There’s something vaguely morbid about making a comedy set at exclusively at a funeral. There’s something even more disturbing about the cultured mannerisms of the mostly British cast as they fumble around a corpse. Death at a Funeral is an odd comedy, not necessarily a funny one, but any film that can find a way to put Peter Dinklage in a toga is alright with me. I guess I’ve got Frank Oz to thank for that. He owes me(and the world) after The Stepford Wives.

Last I checked, most funerals shouldn’t be all that complicated. Poor Mark just wants to have a honorable, quiet service for his dearly departed dad. Robert, his slimy, selfish, conceited, and highly successful novelist brother is flying into town to give the eulogy. Mark’s wife, Jane, is up his arse to pay the downpayment on a new flat. Mark’s cousin, Martha, is bringing her new fiance, Simon. Mark’s friends are a motley crew of inepts, one is a sweaty, anxious mess. The other a horndog obsessed with a one night stand he had with Martha months previous. As if that wasn’t bad enough, there’s a mysterious little person, played to greasy brilliance by The Station Agent’s Peter Dinklage, skulking around the funeral looking like he has a bomb to drop. Oh, and if all that wasn’t bad enough, there’s some missing ectasy pills masquerading as a bottle of valium.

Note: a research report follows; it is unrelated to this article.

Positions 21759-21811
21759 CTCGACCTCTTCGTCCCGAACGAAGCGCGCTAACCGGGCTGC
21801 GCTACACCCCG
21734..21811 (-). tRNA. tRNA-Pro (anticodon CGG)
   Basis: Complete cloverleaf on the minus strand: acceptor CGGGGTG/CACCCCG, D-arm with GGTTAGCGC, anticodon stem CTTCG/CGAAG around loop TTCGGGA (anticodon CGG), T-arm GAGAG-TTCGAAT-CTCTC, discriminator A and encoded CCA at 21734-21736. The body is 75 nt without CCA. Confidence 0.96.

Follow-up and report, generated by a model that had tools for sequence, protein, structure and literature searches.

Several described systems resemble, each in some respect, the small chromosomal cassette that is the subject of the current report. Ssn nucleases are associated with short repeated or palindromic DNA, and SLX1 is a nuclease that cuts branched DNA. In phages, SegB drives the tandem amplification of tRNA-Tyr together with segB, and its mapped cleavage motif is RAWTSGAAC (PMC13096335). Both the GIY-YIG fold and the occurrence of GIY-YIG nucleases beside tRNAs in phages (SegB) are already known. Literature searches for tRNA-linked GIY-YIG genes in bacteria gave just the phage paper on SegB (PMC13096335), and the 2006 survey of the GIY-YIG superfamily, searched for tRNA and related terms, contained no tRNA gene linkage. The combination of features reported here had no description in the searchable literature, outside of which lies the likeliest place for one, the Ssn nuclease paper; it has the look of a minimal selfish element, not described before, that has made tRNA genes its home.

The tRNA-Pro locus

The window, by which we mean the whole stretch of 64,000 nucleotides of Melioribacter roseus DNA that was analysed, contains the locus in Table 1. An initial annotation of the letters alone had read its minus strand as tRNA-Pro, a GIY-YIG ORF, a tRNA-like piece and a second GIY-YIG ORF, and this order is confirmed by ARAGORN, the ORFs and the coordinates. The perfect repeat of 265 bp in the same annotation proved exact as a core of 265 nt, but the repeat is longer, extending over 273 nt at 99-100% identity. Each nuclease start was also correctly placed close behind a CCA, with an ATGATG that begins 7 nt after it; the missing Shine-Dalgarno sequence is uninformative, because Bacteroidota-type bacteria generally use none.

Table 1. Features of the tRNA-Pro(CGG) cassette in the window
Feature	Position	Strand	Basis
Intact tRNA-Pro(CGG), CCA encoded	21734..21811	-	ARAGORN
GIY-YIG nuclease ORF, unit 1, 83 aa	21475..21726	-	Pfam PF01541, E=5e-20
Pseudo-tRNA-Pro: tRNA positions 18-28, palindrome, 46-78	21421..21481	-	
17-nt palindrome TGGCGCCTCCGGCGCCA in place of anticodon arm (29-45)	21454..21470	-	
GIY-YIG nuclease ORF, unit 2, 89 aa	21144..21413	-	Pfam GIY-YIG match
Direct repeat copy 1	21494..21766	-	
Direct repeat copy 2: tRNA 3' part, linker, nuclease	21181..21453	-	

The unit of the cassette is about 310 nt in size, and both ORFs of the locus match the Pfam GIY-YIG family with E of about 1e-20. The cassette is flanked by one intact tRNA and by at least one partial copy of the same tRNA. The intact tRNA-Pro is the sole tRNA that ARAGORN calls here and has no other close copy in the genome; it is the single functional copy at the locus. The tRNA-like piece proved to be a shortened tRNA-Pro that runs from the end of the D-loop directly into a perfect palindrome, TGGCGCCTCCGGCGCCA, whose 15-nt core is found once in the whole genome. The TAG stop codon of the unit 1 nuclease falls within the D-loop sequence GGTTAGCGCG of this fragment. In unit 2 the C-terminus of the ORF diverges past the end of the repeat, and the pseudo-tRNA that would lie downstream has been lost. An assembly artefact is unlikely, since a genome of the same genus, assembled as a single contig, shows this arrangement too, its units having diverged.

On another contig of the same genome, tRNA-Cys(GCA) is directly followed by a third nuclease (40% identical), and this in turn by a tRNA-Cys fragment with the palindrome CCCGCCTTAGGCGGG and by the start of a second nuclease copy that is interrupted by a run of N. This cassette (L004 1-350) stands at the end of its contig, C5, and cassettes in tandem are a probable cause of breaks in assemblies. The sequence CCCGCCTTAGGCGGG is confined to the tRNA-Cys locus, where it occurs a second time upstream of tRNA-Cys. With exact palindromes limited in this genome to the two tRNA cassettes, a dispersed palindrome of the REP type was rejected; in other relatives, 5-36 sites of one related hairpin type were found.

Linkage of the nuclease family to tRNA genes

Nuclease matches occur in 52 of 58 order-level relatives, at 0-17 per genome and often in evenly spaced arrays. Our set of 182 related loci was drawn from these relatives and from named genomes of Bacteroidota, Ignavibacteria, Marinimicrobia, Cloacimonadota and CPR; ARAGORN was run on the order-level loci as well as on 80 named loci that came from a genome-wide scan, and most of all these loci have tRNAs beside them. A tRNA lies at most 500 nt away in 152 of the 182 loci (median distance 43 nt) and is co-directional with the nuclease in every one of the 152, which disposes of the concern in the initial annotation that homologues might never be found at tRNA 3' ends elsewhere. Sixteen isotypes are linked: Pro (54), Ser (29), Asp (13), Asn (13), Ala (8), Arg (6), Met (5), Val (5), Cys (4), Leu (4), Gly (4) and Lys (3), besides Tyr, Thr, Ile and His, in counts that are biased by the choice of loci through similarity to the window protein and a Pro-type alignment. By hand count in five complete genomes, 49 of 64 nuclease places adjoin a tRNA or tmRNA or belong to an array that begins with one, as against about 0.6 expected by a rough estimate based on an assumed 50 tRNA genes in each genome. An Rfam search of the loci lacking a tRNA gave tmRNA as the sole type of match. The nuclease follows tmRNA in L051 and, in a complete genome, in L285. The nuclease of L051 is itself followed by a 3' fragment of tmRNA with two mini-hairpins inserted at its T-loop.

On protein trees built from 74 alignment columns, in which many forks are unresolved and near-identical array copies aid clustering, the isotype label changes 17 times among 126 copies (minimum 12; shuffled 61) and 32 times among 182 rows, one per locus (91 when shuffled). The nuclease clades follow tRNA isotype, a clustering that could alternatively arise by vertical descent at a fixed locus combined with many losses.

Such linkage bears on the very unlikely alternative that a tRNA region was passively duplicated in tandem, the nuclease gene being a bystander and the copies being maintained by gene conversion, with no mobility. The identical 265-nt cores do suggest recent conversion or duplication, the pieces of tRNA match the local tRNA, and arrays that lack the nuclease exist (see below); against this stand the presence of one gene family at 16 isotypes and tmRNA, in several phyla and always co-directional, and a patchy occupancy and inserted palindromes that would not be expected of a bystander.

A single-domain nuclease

As one can imagine, valium might be in high demand, and the pills fly early and often. If only there were a pool around, they could’ve re-enacted a scene from The Anniversary Party. Speaking of which, Alan Cumming would’ve fit right in. Every funeral needs a skinny, creepily cheerful guy in a skin tight Boy George t-shirt.

Turns out that the little person was a friend of Mark’s father. Not really a big deal. But there is one, ahem…..small….detail. He and Mark’s father were in fact lovers, and now he’s threatening to show all the guests explicit photos of the two of them in coital bliss unless he’s paid 15,000 pounds. Understandably, Mark is a bit pissed at this, and what little balance he has comes crashing down.

It’s clear that a lot of fun was had on this set. Frank Oz’s films always look like a party. They just don’t tend to be very good. This one never really excels in any particular area, but it’s not necessarily bad, either. It does tend to get a bit dull since the film takes place in the same place, with a room full of somber faces in even more somber outfits. Despite the constant hijinks, it’s tempered by the fact that there’s somebody’s dead dad a few feet away. Kinda casts a pall over the hilarity.

The performances still should not be overlooked because there are some true gems. Mattew McFayden, fresh off his turn in Pride and Prejudice, plays the expressionless straight man to a tee. Rupert Graves is perfection as Mark’s oily brother, who thinks a funeral is the perfect place to hit on women. And ofcourse, the aforementioned Peter Dinklage, who manages to wring what little dignity he can out of being crammed into a coffin with his former lover.

Death at a Funeral isn’t perfect. It’s actually pretty middling as far as Brit-coms go. Still, the slapdash pace of the jokes will more than entertain most, and only a few jokes outright bomb. So Frank Oz has been forgiven for The Stepford Wives. Now let’s talk about Bowfinger…..